The movement of planets, stars, the Moon and the Sun have long been linked to changes in the seasons, the tide and other natural cycles. For thousands of years, astrology has claimed that these planetary bodies also have a bearing on human fortune and the behaviour of the body - including health and illness.
In ancient Egypt astrology was one of many divination techniques used for uncovering the causes of disease. It was also widely used in ancient Greece and Rome. It even forms part of the Ayurvedic medical tradition, in India, where the Virasimhavaloka, written in 1383, provides detailed descriptions of how each part of the body is controlled by different constellations. The Chinese system of astrology uses the movements of the Moon in relation to the planets, rather than the Sun. It also incorporates the system of the five elements used in Chinese medicine: wood, fire, earth, metal and water.
Although it is a non-Christian tradition, astrology had enormous influence in medieval and early modern Europe, principally between 1450 and 1700. When it came to medicine, astrologers believed that the 12 signs of the zodiac ruled over parts of the body - Aries, for example, ruled the head and neck, while Scorpio ruled the reproductive organs, the gall bladder and the rectum. Familiarity with this astrological theory formed an important part of the skills of medieval doctors. Astrological charts were published to help doctors calculate horoscopes, and ‘zodiac men’ drawings showed them which signs controlled certain parts of the body.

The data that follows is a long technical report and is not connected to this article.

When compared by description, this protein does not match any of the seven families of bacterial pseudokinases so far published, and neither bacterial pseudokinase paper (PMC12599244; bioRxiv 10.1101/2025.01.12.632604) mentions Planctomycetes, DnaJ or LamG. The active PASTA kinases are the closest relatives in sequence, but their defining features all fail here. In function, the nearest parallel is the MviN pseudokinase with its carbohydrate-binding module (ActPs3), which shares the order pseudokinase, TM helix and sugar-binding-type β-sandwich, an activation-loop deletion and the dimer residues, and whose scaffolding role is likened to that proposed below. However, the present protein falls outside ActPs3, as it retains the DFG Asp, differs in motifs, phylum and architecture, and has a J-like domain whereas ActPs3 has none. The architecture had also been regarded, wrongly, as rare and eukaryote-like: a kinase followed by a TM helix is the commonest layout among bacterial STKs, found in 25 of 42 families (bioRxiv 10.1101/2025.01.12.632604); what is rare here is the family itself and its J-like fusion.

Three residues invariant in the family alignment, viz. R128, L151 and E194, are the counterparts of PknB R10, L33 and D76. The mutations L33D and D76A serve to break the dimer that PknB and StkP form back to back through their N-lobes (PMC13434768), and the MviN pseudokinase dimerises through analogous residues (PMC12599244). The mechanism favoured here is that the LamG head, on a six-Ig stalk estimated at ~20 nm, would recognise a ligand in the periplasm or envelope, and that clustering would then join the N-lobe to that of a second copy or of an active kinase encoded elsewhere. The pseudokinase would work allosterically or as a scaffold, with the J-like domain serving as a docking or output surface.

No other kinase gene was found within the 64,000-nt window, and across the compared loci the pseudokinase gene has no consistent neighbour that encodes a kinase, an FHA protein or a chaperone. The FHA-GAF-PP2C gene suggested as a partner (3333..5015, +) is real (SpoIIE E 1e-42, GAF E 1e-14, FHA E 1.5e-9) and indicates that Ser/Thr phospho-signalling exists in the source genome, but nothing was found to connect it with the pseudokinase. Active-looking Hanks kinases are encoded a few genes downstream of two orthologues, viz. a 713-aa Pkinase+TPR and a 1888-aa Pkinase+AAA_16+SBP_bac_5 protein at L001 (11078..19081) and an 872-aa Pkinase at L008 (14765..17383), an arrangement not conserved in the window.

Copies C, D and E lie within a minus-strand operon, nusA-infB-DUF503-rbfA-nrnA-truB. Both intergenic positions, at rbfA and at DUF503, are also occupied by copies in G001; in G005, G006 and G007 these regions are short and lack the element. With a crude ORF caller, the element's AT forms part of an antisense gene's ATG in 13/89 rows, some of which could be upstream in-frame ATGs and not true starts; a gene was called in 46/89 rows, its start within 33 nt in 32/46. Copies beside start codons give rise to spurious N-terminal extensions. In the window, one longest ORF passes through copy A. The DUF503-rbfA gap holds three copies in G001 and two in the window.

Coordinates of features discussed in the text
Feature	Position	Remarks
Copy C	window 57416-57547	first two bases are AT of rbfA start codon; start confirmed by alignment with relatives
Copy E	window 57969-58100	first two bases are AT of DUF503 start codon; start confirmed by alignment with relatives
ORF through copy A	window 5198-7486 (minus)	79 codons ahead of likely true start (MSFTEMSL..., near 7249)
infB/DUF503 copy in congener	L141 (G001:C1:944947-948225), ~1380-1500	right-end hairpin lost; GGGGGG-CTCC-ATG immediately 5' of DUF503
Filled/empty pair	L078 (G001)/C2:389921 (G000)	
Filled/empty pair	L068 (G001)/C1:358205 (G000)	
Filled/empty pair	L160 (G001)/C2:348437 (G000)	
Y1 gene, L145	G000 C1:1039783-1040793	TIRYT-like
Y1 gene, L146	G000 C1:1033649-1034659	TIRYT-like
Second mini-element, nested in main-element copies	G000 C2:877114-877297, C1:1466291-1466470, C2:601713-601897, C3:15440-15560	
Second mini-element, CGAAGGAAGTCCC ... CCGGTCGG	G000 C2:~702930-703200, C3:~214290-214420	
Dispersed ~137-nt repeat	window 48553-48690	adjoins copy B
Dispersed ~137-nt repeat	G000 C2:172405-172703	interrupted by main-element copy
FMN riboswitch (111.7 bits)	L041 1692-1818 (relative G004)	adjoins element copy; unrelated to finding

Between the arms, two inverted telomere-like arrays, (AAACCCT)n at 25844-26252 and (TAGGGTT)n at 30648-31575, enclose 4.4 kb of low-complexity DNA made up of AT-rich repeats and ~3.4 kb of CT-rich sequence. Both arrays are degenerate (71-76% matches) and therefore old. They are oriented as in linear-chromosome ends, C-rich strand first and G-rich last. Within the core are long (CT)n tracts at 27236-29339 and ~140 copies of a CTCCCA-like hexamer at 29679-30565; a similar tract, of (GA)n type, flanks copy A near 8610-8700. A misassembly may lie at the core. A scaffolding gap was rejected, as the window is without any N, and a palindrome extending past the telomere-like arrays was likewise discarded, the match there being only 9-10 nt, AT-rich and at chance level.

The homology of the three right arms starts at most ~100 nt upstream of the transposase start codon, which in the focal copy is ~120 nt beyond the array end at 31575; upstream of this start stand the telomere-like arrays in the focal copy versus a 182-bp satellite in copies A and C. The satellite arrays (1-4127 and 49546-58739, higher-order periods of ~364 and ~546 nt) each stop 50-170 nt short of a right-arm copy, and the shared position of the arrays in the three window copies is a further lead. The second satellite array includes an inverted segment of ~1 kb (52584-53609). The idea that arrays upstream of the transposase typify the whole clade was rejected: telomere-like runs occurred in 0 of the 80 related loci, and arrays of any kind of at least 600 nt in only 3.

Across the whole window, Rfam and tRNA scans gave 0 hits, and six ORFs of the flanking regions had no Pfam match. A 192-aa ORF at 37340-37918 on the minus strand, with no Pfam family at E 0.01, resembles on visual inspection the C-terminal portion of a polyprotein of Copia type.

Astrological advice continues to be widely available today, across the world, although its medical aspects have given way to more general information on peoples’ financial fortunes and love lives.
P Biller and J Ziegler (eds), Religion and Medicine in the Middle Ages (York: York Medieval Press, 2001)
F Bray, ‘Chinese medicine’ in W F Bynum and R Porter (eds) Companion Encyclopedia of the History of Medicine (London: Routledge, 1993)
K Thomas, Religion and the Decline of Magic: Studies in Popular Belief in Sixteenth and Seventeenth Century England (London: Penguin, 1991)